The people of Kenya

Samburu National Reserve Facts

Samburu National Reserve Facts : In 1948, the present-day Samburu National Reserve was established as a wildlife protected area, part of the larger Marsabit National Reserve. A senior ranger for the National Reserve named Rodney Elliott later made a suggestion to the Samburu District that, in his view, the region north of the Ewaso Ngiro River ought to have been designated as a separate reserve. The African District Council of Samburu was tasked with overseeing the National Reserve upon its official establishment in 1962, as determined by the then-Minister of Local Governments in 1963.Currently managed by the Samburu communities living there under the direction of a centralised local government, the Reserve is a community-based wilderness that is protected. Samburu National Reserve and Meru National Park are the two locations where renowned lioness Elsa was raised by conservationists George and Joy Adamson before being released into the wild.

This reserve, which has an arid and semi-arid environment, is well-known for the wide range of animals it offers and, more importantly, for the fact that certain species, such as the Grevy zebra and reticulated giraffe, are unique to this area. In addition, the reserve boasts breathtaking views of expansive, open spaces that stretch for miles, an excellent year-round climate, and globally recognised lodging options that range from luxurious Tented Camps and safari lodges to affordable camping. Samburu checks all the boxes for travellers looking to experience one of Africa’s most breathtaking destinations.

Situated in the Samburu District, the Samburu National Reserve spans an area of approximately 165 square kilometres, or 64 Square miles, and is situated between 800 and 1,230 metres above sea level, north of the Equator. The reserve is a component of a much broader ecosystem that also includes the Shaba and Buffalo Springs National Reserves, which are nearby. The areas of Buffalo Springs and Shaba are roughly 131 and 239 square kilometres, respectively. Samburu is known for its semi-desert and desert regions, as well as its warm, dry climate. The Ewaso Nyiro River, which forms the reserve’s southern boundary, is the only permanent water source in the area, even during the dry season. All of the reserve’s animal life depends on this river.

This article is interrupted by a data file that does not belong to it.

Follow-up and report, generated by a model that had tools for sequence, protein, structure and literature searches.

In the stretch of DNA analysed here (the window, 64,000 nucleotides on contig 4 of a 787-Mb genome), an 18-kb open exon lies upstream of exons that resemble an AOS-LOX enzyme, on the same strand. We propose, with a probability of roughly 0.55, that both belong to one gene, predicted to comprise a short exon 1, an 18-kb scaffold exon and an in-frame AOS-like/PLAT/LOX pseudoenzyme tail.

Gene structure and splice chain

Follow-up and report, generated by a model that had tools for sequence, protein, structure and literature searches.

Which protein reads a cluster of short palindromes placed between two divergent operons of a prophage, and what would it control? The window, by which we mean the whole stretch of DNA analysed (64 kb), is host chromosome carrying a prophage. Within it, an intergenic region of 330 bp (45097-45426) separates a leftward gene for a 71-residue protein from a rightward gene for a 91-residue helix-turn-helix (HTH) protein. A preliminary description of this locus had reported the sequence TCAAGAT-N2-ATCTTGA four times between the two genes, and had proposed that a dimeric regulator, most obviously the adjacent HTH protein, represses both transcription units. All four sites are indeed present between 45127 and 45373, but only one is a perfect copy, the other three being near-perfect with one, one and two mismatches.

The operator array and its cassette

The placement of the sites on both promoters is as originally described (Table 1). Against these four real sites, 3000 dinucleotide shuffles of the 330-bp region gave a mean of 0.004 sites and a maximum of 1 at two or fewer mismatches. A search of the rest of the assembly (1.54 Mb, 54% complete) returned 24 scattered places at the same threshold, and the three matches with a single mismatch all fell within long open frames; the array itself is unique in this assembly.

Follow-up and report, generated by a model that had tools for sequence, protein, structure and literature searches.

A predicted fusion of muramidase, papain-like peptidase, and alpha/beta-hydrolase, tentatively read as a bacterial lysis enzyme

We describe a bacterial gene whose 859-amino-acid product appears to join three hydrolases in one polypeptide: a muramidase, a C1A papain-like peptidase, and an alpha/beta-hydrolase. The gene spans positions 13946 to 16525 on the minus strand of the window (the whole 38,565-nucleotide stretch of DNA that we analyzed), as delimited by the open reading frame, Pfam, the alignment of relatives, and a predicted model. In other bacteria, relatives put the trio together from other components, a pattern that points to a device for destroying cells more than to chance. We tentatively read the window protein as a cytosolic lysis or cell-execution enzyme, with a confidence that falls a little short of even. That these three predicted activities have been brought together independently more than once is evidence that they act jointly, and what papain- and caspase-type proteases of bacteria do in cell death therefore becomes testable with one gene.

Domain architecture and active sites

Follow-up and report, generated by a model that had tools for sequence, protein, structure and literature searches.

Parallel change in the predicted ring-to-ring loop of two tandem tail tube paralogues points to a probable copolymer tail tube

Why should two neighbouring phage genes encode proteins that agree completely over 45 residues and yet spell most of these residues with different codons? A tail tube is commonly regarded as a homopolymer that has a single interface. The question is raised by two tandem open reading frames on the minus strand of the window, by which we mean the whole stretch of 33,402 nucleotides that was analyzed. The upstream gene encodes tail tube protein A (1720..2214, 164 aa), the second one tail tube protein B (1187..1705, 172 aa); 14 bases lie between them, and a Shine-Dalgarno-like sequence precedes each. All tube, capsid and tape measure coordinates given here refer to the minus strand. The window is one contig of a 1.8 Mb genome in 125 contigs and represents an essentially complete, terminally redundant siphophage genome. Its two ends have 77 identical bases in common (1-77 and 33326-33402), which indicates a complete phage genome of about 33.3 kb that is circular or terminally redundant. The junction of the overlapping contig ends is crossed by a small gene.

Native to North-Central Kenya, the Samburu people are a nomadic group that lives in an arid region. They are among the most well-known and fascinating tribes in Kenya, and they continue to follow many of their customs despite being mostly cut off from the advances of contemporary society. The Samburu are known for their distinct nomadic lifestyle and manner of life, as well as their traditional body wraps, or “shukas,” which are typically red or vividly coloured.

Samburu cultural tour

North-central Kenya is home to the Nilotic, semi-nomadic Samburu shepherds. The Samburu people speak the Nilotic Samburu dialect of the Maa language. After the Purko and Kisonko (Isikirari) tribes in Kenya and Tanzania, the Samburu subtribe is the third largest in the Maa community in both countries. Like the Maasai tribe, the Samburu people dwell in regions south of Lake Turkana and surrounding Samburu National Reserve, where they are mainly undisturbed by modern society. They still practise many of their traditional ways. What can you expect to see when you visit a Samburu village? This hour-long tour to a Samburu hamlet offers the opportunity to engage with the people and gain insight into their distinct way of life, culture, and customs.